The news that Mary Ellis has died — featured in every major newspaper Jan. 31 — is a reminder of the glamorous days of 1920's and 1930's musicals, when she was a leading lady in New York and then London.
Ellis, born in 1897 (though she later claimed it was 1900), sang solo roles at the New York Met towards the end of the First World War (1918), appearing on stage with legendary figures like Caruso and Chaliapin.
Despite this early success in opera, she left the Met for life as an actress, appearing in The Merchant of Venice, among others, on Broadway. She changed directions again to star in Rose Marie in 1924 — one of the biggest musicals of the 1920's — before returning to "straight" plays.
Arriving in London to star in Eugene O'Neill's Strange Interlude, she was then persuaded, by the impresario C.B. Cochran, to star in Jerome Kern's Music in the Air. She was spotted by Ivor Novello, for whom he wrote two of his most successful Drury Lane musicals, Glamorous Night (1935) and The Dancing Years, as well as a flop, Arc de Triomphe (1943).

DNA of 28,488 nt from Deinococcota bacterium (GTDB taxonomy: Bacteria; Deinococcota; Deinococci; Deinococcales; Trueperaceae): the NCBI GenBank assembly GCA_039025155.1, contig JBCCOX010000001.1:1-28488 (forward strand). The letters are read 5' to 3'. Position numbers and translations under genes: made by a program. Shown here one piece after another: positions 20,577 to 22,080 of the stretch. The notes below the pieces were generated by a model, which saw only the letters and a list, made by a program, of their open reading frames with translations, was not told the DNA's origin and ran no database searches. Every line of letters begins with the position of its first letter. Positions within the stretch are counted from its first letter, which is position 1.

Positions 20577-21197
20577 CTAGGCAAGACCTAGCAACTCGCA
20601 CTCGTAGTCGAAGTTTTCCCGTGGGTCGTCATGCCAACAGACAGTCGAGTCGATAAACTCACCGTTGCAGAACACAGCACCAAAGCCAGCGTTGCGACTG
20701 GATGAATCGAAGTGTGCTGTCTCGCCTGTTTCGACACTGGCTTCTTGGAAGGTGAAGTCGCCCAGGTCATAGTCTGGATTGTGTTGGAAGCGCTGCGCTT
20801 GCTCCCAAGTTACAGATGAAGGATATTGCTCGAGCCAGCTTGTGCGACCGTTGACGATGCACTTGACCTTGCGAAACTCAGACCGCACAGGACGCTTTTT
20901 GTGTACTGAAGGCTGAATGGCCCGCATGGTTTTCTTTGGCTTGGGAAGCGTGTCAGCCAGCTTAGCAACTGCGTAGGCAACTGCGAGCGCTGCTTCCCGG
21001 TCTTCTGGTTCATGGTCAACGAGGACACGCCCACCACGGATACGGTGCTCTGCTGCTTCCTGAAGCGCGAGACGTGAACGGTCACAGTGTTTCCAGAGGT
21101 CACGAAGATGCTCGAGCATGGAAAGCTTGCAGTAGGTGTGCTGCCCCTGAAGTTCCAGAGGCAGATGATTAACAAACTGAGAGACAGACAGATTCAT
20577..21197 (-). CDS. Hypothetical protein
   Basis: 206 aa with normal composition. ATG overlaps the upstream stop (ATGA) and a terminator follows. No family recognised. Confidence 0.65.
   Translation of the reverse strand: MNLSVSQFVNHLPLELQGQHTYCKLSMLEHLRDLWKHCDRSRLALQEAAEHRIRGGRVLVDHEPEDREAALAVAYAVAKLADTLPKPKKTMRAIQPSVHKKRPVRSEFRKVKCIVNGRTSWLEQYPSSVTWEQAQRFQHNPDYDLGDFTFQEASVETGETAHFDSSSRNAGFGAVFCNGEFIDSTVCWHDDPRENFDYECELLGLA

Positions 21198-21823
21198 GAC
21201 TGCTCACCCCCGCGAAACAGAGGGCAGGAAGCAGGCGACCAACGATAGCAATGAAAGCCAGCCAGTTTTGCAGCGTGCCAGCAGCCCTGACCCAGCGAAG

After Novello's early death in 1951, Noël Coward snapped her up for After The Ball (1954), a musical version of Wilde's Lady Windemere's Fan. This was a disaster, not least because Ellis' voice was no longer what it had been, and the chemistry between her and Coward was less than magical during rehearsals. She never sang on stage again. Although she lived for nearly half a century more, and won rave reviews as the callous wife in Rattigan's The Browning Version (1948), she will always be remembered as one of the most glamorous leading ladies of the musical stage in the inter-war years, and with her death an era really has ended.